Stiles anxiety has been threaded subtly through Teen Wolf, with just a few instances where it has made it to the forefront of the plot. In one case, Stiles has a panic attack when he’s learned his father has been taken in season 3. Since he lost his mother has a young child, his father is really the only family he has left. Stiles has always been overprotective of his dad — making sure he’s eating healthy and taking care of himself. When he has a panic attack, Lydia finds a way to calm him down, but she doesn’t try to cure him.

Stiles’ anxiety is as much a part of history as anything else, and it returns to enhance the plot of the show in season 5 when Stiles is worried about what will happen to his friendship with Scott after high school. It drives Stiles to attempt to keep everyone together, but when that all falls apart, he must confront his fears and accept that life doesn’t always work out the way you want it to. By the time season 6A finishes up, Stiles has overcome this particular trigger, but again, that does not mean he’s been cured of his anxiety. Teen Wolf knows that a mental illness like anxiety is not something you just get over; it’s something you constantly have to work through. –Karen Rought

‘The Magicians’

‘The Magicians’

The biggest driving force in The Magicians actually isn’t magic, but rather depression. It’s made all too clear in season 1 when Elliot explains to Quentin, “magic doesn’t come from talent, it comes from pain.” Author Lev Grossman has discussed this parallel several times, explaining that his own depression was the inspiration for the series.

Grossman explains, “when I was really struggling with depression, I would lie in bed every day, and I couldn’t get up. And I would watch people doing these normal things, going to their jobs and having their relationships, and I would think, I could never do that. And it felt like they were doing magic. And when I started to get better, and I started getting up, and I started doing all these normal things, I felt like I was a magician.”

And what’s particularly great about The Magicians is how each character handles their own depression and anxiety in their own way. Some, like Quentin, are sheepish and quiet about it. Others, like Elliot or Margo, put up a facade of strength and nonchalant-ness that they seldom put down for others. The show is incredibly unique in how it handles mental health, and it’s a great representation of how today’s adults are dealing with it in their own way. –Tariq Kyle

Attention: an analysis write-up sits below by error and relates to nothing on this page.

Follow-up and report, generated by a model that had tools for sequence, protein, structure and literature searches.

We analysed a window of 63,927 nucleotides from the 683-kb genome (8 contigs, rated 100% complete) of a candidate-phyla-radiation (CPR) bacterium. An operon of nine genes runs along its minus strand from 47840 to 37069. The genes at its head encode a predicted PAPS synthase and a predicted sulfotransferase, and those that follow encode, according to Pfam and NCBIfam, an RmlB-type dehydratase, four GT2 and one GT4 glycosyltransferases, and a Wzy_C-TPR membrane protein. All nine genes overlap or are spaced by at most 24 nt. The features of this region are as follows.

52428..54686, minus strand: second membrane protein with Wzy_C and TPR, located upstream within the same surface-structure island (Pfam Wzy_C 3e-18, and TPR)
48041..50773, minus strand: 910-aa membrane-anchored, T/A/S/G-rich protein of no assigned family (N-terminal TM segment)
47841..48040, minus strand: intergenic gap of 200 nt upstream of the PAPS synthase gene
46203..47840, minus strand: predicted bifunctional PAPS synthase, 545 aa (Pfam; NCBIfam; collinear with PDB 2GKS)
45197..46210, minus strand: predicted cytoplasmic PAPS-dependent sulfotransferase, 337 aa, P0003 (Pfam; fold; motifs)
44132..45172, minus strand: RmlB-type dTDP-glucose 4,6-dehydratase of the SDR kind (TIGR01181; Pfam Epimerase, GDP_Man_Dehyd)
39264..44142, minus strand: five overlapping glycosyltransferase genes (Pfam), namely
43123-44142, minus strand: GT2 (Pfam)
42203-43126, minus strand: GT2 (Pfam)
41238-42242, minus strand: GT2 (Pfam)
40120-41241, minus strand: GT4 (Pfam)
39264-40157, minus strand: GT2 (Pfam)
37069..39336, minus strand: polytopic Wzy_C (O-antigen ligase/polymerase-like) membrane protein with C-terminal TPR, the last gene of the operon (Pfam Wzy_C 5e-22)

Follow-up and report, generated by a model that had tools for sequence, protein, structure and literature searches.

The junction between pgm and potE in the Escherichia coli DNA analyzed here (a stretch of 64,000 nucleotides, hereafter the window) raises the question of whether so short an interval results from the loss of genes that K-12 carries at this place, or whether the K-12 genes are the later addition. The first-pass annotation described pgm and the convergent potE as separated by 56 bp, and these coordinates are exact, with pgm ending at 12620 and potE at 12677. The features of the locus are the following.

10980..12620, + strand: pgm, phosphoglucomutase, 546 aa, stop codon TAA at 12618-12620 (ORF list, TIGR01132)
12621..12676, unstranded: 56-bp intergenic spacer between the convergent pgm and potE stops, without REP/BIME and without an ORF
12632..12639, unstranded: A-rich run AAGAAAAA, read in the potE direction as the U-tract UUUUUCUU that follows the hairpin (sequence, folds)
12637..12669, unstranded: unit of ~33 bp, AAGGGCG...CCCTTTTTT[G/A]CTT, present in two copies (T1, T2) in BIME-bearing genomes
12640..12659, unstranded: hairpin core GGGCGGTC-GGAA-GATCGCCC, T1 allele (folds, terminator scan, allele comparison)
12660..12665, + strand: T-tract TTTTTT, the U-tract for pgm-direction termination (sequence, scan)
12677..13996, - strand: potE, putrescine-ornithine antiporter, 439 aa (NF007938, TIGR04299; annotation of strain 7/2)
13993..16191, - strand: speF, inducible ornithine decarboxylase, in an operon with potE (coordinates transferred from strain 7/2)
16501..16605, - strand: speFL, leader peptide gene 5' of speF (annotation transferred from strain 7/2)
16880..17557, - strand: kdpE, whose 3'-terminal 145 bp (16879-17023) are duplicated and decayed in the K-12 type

‘Survivor’


While scripted shows are improving leaps and bounds in their portrayals of mental illness, Survivor has always been happy to show real people overcoming real obstacles, including anxiety disorders and phobias that do not lend themselves to being marooned on an island for a month or more. This past season on Survivor brought us three very different, but inspiring storylines about people overcoming anxiety and such to do extremely well in a game that has overwhelmed some of its strongest participants.

David, who works as a TV writer when he’s not marooning himself on television, walked into the game looking like the type of person that is usually the first person voted off. He appeared weak, paranoid, and was afraid of nearly everything on the island (a scene in which he is scared to hold a stick bug stands out in my brain). As he grew comfortable with his surroundings, he managed to harness his weaknesses and use them in his own favor. He also bonded with another of our inspiring survivors, Ken.

Ken suffered from a stutter as a kid, and has social anxiety thanks to years of bullying and teasing. Ken not only learned to bond with David, but throughout the game managed to make friends and trusted allies despite his anxiety.

Last, but certainly never least is Hannah. Hannah, like David, walked onto the island looking like the type of person that gets voted off this show in the first few episodes. Her lowest point was definitely when she had an anxiety attack from just watching an immunity challenge in progress. She was sitting on the sidelines and suddenly started hyperventilating and her hands seized up. She went on to form solid alliances and maneuver her way into the final three.

Survivor allowed viewers to watch as these three unlikely people made their way through one of the toughest social experiments in play today. Their struggles are real and tough, and they’ve put themselves in circumstances most of us couldn’t dream of subjecting ourselves to, but each came out stronger, more assured in who they are, and aware that their anxiety does not define them. –Kristen Kranz

How do you feel depression and anxiety are being represented on TV?

Don’t forget, you’re not alone. Give a call to the National Suicide Hotline (1-800-273-8255) or text them by texting START to 741-741